I’d like to use a sports analogy to explain how I feel about the changes to the writing assessment.
Imagine you had been training for the Rio Olympics to be held in the summer of 2016. You could be a high jumper for example.
The qualifying height for Rio ’16 is 2.29m (men). So, imagine you are that high jumper and you hit your target again and again and again. You feel like you are ready for qualification. Ready for Rio.
But a few months before, there are rumours that the bar will be higher for qualification so as an athlete you start to jump higher, training harder and exceeding your personal goals.
Once again you feel as though you have cracked it, however four months before qualification there comes a shock announcement from the governing body. As well as jumping 2.29 metres you also have to jump 2 metres horizontally. Now you may think that ‘good’ athletes should be able to jump 2 metres anyway so this should not have a detrimental effect on the athletes. However, for some athletes the original 2.29 metre target was their best. They focussed fully on achieving more height as this was what has always been measured. For these athletes, jumping horizontally is almost impossible as all of their effort has been expended on the original vertical target.
So what happens to those athletes who do not meet the new targets?
They lose their funding, they are labelled as failures and they feel that all of their training has been for nothing. There are athletes who can meet the new expectations, they cannot see what the problem is, in fact their coaches support the changes as it makes their athletes and themselves look even better than usual.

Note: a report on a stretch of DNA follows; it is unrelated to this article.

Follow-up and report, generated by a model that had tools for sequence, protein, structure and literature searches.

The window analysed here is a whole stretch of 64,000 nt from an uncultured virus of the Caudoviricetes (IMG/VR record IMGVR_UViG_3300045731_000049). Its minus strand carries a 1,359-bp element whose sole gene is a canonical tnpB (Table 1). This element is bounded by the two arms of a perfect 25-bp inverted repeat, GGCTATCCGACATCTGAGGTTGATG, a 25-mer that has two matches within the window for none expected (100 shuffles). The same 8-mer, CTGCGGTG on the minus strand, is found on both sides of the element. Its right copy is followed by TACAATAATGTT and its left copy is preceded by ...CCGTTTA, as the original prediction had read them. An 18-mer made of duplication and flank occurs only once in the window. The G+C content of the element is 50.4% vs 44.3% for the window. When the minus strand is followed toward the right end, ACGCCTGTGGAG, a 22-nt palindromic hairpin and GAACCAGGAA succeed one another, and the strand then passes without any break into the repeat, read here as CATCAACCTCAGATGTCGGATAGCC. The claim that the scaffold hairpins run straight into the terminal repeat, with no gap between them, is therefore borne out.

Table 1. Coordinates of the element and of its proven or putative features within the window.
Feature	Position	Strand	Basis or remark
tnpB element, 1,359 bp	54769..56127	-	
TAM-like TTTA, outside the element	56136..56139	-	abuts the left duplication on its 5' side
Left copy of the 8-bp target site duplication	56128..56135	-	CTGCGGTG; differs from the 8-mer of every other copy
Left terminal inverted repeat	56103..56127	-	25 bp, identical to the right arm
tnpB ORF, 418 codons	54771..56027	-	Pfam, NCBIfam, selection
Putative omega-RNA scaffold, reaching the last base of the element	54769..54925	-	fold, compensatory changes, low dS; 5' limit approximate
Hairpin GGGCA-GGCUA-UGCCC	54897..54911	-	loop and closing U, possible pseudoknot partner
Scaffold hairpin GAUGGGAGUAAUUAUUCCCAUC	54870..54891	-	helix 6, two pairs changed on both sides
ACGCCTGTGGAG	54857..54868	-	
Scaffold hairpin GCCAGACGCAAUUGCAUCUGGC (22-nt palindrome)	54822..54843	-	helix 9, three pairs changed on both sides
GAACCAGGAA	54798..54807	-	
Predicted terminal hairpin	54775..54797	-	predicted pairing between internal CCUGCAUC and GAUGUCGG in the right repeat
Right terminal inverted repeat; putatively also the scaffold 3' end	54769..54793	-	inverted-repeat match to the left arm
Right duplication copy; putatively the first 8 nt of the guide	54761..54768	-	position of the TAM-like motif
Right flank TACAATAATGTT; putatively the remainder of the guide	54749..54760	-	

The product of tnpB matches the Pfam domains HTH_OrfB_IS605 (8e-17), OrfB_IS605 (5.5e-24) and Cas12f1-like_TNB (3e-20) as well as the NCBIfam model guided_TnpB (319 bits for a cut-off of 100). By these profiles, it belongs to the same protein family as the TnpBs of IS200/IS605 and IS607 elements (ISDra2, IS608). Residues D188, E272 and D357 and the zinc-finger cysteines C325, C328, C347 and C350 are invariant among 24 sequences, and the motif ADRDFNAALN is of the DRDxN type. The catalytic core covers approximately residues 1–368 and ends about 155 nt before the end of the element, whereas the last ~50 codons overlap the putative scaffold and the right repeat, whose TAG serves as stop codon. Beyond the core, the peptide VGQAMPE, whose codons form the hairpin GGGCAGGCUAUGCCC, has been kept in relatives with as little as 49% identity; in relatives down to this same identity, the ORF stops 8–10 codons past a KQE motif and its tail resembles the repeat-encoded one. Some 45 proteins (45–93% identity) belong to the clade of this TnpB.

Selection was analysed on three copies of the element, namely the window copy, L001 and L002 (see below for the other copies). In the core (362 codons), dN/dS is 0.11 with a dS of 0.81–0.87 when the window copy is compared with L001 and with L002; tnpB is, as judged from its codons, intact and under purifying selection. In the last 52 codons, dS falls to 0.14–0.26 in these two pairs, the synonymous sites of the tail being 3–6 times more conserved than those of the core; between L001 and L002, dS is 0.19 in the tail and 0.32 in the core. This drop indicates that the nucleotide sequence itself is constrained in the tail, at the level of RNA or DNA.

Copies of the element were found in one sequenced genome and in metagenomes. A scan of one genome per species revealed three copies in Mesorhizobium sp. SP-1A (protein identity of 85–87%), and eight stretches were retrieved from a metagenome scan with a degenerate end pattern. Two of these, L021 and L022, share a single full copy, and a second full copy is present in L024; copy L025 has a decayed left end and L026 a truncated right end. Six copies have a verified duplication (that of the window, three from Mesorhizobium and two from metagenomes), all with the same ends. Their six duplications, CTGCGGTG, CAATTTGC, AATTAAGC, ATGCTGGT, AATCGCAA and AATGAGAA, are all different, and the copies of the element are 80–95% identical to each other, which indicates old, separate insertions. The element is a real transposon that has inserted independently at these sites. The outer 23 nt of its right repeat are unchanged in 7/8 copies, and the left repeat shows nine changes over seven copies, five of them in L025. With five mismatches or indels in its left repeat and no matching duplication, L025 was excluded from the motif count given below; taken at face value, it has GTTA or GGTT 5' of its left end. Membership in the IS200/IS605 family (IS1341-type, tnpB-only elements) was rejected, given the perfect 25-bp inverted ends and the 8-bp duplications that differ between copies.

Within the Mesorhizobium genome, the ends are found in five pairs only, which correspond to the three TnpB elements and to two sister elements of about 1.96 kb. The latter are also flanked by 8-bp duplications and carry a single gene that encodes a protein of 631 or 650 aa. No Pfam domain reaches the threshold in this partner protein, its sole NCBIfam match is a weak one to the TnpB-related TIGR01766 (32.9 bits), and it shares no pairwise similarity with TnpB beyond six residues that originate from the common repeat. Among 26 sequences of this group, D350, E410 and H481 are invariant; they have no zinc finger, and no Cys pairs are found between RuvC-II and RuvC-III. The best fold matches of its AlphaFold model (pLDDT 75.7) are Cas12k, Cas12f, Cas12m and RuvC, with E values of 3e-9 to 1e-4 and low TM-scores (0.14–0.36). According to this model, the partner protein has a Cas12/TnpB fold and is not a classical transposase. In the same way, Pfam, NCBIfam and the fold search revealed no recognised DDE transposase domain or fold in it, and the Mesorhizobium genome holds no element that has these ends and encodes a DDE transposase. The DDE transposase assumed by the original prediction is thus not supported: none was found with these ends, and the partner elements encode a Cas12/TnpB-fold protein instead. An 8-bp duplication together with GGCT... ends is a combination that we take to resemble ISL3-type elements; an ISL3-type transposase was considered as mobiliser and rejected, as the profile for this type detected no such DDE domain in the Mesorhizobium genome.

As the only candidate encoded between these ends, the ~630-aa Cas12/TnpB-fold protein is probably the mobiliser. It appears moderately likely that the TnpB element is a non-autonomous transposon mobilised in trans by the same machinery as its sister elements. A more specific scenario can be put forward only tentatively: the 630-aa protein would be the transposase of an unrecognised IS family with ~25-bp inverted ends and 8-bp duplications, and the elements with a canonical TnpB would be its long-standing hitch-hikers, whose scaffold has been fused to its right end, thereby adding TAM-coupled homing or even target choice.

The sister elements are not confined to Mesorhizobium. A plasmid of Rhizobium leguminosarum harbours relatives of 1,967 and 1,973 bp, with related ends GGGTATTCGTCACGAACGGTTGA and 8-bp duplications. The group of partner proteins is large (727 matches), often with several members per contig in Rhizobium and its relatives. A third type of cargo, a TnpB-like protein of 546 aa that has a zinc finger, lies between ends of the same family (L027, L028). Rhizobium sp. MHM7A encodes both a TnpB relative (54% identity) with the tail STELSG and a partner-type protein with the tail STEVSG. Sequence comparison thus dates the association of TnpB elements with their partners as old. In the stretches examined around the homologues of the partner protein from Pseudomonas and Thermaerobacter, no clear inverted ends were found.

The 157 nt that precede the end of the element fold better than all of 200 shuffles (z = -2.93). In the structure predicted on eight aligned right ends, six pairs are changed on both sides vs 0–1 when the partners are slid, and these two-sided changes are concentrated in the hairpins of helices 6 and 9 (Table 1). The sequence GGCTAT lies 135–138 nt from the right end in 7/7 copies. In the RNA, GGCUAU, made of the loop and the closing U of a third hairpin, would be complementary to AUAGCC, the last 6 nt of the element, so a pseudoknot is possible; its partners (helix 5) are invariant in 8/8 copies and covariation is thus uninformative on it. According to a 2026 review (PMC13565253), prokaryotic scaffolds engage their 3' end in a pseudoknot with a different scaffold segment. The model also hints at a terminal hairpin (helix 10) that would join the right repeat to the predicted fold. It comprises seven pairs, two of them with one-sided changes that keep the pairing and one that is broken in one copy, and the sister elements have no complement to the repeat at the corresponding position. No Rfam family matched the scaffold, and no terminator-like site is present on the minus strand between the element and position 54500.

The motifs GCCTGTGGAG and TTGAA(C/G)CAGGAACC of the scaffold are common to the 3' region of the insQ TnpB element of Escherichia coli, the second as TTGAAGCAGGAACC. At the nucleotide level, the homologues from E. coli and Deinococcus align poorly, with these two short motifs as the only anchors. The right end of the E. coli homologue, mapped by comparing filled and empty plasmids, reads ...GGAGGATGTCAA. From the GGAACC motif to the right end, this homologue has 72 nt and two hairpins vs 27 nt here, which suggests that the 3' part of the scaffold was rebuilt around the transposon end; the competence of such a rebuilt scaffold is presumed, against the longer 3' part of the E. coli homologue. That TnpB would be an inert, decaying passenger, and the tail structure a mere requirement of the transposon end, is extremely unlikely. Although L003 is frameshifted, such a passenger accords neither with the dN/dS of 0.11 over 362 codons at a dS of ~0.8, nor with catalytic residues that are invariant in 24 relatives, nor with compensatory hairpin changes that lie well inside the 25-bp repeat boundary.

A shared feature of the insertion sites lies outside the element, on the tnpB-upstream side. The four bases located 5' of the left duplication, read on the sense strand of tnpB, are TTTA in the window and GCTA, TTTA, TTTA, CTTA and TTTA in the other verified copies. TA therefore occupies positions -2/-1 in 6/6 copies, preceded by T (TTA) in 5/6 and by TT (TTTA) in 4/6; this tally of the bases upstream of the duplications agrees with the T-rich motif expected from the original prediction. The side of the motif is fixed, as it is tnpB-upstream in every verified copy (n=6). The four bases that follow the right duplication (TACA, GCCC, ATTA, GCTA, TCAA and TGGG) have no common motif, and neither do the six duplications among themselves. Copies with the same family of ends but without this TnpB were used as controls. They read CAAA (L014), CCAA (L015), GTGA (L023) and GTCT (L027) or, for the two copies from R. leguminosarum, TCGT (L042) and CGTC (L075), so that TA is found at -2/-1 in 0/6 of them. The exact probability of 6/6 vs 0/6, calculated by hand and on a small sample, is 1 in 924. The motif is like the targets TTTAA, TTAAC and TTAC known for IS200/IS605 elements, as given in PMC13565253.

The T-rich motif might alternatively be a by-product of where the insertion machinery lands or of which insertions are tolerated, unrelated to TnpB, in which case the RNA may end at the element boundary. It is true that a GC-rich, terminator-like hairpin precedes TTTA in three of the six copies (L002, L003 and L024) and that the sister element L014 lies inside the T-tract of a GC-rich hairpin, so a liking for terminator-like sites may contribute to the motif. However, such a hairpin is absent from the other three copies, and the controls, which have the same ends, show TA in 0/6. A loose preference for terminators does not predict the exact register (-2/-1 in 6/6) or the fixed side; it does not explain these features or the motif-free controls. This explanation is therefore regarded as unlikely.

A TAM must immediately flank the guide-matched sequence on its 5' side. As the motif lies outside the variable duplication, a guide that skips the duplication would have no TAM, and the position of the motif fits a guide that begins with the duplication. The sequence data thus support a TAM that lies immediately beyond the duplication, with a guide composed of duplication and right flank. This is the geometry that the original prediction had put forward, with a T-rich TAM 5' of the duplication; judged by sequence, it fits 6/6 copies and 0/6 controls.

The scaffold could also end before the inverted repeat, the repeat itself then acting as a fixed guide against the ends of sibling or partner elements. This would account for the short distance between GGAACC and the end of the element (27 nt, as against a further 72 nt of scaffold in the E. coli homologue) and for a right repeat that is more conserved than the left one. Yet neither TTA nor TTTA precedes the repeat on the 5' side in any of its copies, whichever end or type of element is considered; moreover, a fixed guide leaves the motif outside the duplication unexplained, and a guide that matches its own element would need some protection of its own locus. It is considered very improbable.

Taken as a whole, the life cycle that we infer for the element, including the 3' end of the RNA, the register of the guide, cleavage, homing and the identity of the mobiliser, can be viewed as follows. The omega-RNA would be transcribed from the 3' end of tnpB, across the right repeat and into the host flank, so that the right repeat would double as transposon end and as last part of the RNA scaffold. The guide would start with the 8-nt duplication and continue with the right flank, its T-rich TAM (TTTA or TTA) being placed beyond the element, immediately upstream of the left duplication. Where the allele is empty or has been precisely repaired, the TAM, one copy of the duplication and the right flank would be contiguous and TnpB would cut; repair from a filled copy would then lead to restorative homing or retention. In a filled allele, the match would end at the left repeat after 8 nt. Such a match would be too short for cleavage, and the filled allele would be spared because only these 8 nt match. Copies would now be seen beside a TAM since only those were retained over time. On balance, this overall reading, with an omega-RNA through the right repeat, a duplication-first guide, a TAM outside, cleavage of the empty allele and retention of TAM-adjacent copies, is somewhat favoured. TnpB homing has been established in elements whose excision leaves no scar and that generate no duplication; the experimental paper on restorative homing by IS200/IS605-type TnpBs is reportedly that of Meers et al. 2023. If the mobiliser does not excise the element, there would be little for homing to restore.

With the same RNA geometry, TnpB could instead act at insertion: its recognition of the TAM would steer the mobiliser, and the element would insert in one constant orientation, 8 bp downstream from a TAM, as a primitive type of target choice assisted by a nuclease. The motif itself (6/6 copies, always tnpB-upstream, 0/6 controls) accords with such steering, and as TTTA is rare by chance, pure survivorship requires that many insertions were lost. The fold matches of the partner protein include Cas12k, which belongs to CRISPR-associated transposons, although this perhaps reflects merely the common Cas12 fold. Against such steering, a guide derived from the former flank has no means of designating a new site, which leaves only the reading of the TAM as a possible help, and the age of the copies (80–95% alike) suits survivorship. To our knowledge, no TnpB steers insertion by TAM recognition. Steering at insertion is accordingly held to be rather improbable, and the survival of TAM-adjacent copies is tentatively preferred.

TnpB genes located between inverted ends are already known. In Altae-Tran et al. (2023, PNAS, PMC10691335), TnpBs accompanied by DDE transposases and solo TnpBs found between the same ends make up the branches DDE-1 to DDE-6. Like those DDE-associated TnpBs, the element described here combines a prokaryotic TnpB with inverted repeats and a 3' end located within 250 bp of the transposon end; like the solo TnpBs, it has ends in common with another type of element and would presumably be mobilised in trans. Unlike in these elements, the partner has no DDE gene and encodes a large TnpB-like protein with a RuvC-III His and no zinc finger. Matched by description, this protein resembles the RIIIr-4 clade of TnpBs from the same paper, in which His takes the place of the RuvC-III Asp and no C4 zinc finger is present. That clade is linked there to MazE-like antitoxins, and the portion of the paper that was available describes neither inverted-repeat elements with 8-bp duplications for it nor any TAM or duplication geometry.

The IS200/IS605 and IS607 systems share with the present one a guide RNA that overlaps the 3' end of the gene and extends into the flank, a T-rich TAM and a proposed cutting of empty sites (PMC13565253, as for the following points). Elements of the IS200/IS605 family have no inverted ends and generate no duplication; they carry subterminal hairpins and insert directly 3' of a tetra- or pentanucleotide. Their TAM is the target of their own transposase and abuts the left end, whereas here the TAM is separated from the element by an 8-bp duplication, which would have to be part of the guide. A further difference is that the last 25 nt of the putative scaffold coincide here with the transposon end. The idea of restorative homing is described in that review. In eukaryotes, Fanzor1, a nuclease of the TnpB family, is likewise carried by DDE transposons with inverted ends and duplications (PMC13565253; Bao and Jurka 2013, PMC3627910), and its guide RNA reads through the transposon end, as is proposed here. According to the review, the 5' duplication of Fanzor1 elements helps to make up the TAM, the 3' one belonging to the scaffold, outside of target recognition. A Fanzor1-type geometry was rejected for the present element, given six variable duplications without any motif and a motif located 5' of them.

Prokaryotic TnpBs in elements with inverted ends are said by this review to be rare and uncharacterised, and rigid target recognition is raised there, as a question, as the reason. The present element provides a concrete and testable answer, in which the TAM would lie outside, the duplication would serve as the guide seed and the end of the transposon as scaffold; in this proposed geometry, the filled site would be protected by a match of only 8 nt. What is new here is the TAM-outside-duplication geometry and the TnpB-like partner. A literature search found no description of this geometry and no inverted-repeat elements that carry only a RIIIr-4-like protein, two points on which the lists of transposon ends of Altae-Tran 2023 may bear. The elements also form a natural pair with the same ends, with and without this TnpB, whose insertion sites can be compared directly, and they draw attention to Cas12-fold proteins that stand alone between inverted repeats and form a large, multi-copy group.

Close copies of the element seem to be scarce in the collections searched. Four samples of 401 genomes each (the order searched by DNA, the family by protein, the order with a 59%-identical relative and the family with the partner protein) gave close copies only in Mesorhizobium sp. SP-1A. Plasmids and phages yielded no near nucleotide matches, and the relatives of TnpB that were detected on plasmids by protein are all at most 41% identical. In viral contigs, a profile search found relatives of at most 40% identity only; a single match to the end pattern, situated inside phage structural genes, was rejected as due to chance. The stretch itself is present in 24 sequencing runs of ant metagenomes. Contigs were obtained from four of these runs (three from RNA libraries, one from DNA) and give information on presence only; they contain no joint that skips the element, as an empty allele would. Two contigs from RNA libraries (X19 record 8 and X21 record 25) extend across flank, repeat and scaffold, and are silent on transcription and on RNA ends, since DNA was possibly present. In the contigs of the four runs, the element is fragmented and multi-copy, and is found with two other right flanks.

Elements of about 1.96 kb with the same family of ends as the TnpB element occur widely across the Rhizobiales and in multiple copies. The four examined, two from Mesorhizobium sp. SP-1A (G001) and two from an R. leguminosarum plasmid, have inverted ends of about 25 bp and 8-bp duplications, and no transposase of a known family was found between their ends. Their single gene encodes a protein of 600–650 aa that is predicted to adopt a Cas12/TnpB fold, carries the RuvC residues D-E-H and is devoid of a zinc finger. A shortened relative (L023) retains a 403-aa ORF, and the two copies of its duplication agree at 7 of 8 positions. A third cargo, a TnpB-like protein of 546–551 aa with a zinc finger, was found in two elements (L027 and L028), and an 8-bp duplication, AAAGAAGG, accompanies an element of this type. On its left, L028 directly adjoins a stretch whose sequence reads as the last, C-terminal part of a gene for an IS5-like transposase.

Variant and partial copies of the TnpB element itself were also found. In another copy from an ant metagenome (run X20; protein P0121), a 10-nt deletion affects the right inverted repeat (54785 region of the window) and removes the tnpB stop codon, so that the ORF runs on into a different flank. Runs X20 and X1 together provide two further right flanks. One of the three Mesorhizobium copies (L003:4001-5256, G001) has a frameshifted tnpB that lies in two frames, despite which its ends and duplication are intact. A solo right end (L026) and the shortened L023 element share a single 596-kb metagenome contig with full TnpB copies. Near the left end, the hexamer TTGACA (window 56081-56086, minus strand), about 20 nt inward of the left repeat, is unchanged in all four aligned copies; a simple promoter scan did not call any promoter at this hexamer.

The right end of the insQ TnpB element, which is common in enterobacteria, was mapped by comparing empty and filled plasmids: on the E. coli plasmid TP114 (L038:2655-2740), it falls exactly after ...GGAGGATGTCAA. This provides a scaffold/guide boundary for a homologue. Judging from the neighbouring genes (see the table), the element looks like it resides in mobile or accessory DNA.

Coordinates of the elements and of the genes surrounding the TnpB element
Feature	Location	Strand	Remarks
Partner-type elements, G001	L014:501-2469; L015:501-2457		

What happens to the coaches of the ‘failed’ athletes? They are put under increased scrutiny and eventually lose their jobs while the governing body touts their positions to the highest bidder.
Now imagine that instead of athletes you are a 10 or 11-year-old who has gone through their whole primary school career with one curriculum. This was changed by the government less than two years before testing and the bar was raised. Their teachers heard rumours that the standards required would be higher so they taught accordingly. Then four months before the assessment process the goals were changed. Under the old system some objectives were not put under as much scrutiny as they are now, which meant that in some schools they were not practised as much as there could have been. This could have been for a number of reasons but perhaps all of their energy was expended on reaching that ‘higher bar.’ So now a large amount of our pupils will be labelled as failures, their teachers will be put under greater scrutiny and could possibly lose their jobs when their schools are forced to become academies by the government.
In summary, I am all for ‘raising the bar’ but raise it gradually, and then just move it vertically and not horizontally. If you want to move it sideways or even change the bar altogether then give teachers and schools enough time to implement the changes before testing the children and using the results to label them, their teachers and their schools as failures.
As I have said in my previous posts - I am not opposed to testing. I do not like high stakes testing and how the tests are used to judge teachers and schools.
However, I am against tests that are filled with 'booby traps' and questions designed to confound and bamboozle young children. I call them 'trick questions,' but it has been pointed out to me that they are not trick questions just difficult ones.
I have come across a few sample SPAG test questions recently that have made me think.
The first from the KS1 Sample test.
"We want children to be able to identify verbs in a sentence." says one civil servant.
"I agree!" says Morgan "but how can we make it as tricky as possible?"
"Let's put them in the past tense and make them irregular!"
"Then just to trip those 6 or 7 year olds who may be stressed and flustered by the tests we'll put in an adjective that looks very much like a verb."